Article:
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State Department-funded ‘disinformation’ tracker hides tax filings while urging transparency


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Washington Examiner

A State Department-backed “disinformation” tracker under congressional investigation is shielding key details about its operations from the Washington Examiner despite blacklisting conservative media outlets for having “opaque ownership structures.”

The Global Disinformation Index has faced heightened scrutiny from Republican lawmakers over the British group’s covert efforts to defund websites it disagrees with, and it is also at the center of a new lawsuit against the State Department over the agency wiring $100,000 to GDI. While GDI brands itself as a “nonpartisan” proponent of transparency, that didn’t stop its two affiliated nonprofit groups in the United States from providing the Washington Examiner with heavily redacted copies of their newly filed 2022 financial disclosures, a maneuver tax experts warn likely violates federal law.


‘Transparency in the media’

GDI’s transparency flop further underscores how the purported disinformation tracker hardly practices what it preaches, a fact that has, in part, propelled House Republicans to weigh subpoenaing the State Department’s Global Engagement Center, which granted $100,000 to GDI in 2021. GDI, which has come under fire for broadly labeling conservative outlets as “disinformation” and celebrating liberal outlets that have published certain false or debunked stories, feeds a “dynamic exclusion list” to advertisers each month in order to strip revenue from websites that lean right. GDI said in a December 2022 report that it rates websites based on “conflicts of interests that can arise from opaque ownership structures” and rebuked the New York Post for “its lack of transparency around operational policies and practices.”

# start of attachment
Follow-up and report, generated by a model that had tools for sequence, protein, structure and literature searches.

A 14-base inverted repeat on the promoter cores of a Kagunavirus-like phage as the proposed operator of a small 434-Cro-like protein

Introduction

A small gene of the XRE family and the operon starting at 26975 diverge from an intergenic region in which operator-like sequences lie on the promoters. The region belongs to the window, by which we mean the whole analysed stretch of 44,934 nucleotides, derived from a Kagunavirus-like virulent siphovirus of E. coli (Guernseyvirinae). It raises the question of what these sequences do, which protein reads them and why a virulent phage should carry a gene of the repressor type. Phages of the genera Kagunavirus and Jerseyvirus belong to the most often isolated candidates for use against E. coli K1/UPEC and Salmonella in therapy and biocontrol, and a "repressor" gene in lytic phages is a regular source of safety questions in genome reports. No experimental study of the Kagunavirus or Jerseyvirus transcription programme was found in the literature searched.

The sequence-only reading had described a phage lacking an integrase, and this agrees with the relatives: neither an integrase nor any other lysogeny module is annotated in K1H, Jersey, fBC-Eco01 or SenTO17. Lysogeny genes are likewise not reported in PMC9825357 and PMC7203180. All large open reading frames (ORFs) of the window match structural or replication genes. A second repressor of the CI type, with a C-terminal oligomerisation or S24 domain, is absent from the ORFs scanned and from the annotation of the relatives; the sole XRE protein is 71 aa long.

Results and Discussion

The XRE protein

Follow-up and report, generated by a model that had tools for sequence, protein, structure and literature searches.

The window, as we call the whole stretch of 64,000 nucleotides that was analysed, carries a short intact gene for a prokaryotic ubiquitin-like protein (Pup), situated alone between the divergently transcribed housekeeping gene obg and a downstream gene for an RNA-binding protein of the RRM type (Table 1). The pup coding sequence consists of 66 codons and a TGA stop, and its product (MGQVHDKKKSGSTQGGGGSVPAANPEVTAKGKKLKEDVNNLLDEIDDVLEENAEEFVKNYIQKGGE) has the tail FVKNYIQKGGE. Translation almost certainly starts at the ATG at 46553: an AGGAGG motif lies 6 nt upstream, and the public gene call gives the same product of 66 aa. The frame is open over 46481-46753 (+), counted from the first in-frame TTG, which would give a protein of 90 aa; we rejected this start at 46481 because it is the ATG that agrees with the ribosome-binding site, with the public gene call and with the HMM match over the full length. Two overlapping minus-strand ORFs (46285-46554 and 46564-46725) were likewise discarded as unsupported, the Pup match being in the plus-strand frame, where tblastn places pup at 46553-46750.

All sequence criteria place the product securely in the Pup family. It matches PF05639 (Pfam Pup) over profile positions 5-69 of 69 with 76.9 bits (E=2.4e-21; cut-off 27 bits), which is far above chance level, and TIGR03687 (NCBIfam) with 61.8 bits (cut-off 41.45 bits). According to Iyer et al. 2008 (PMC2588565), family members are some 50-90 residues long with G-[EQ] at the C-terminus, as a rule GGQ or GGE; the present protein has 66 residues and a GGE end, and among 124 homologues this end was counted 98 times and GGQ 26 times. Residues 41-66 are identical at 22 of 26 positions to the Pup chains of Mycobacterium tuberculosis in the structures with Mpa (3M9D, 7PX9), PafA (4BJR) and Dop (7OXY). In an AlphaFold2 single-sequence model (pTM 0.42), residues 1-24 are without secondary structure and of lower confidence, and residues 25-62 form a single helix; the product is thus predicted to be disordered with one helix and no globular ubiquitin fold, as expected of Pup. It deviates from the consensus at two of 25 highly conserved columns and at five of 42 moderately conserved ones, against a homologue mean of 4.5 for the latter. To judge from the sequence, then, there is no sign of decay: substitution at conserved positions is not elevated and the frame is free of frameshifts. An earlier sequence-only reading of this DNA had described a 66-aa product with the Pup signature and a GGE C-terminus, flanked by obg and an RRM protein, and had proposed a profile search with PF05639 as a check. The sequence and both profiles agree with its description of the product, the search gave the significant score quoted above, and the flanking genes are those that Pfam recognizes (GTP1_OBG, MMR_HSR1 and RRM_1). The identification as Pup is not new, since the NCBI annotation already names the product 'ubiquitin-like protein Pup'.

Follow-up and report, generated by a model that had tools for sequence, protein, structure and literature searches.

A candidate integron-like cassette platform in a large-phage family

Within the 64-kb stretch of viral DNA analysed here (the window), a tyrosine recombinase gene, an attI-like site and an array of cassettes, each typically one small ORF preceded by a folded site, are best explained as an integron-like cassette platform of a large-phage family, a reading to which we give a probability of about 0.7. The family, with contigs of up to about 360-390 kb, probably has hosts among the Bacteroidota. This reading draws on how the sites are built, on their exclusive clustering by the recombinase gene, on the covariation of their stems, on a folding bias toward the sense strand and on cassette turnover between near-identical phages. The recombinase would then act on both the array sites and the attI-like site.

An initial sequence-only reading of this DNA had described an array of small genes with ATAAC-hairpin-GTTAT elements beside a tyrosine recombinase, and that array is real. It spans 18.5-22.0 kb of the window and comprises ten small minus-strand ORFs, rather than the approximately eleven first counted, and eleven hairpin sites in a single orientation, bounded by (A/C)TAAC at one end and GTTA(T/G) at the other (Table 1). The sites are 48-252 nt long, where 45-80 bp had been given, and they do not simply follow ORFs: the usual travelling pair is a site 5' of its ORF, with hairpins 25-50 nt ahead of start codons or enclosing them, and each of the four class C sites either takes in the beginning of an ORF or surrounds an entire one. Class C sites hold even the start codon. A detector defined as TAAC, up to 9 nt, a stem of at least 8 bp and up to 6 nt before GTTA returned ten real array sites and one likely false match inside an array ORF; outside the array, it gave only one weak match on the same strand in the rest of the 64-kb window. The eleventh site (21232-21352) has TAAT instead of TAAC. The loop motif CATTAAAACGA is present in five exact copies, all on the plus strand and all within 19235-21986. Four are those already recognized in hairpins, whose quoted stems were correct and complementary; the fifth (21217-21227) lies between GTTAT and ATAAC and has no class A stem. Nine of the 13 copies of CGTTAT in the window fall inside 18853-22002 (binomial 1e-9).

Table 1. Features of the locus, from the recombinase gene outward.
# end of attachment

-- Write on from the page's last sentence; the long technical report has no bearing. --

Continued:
“The Global Disinformation Index is violating the law by hiding its disclosures, and that’s pretty funny and hypocritical for a group that pretends it cares about transparency in the media,” conservative lawyer Mike Davis, who leads the Internet Accountability Project, a group seeking to rein in the power of Big Tech social media platforms, told the Washington Examiner.

GDI does not publicize its “dynamic exclusion list,” and it has repeatedly not replied to requests for this document. Microsoft and Oracle previously subscribed to the list but stopped after reports from the Washington Examiner on GDI’s erroneous determinations of what constitutes “disinformation.” For instance, GDI flagged an opinion article in the Washington Examiner, which focused on a study finding liberals are less “satisfied” with their lives, as a form of “disinformation,” and seemingly pressured the France-based company Criteo to stop placing ads in the outlet.:snip:

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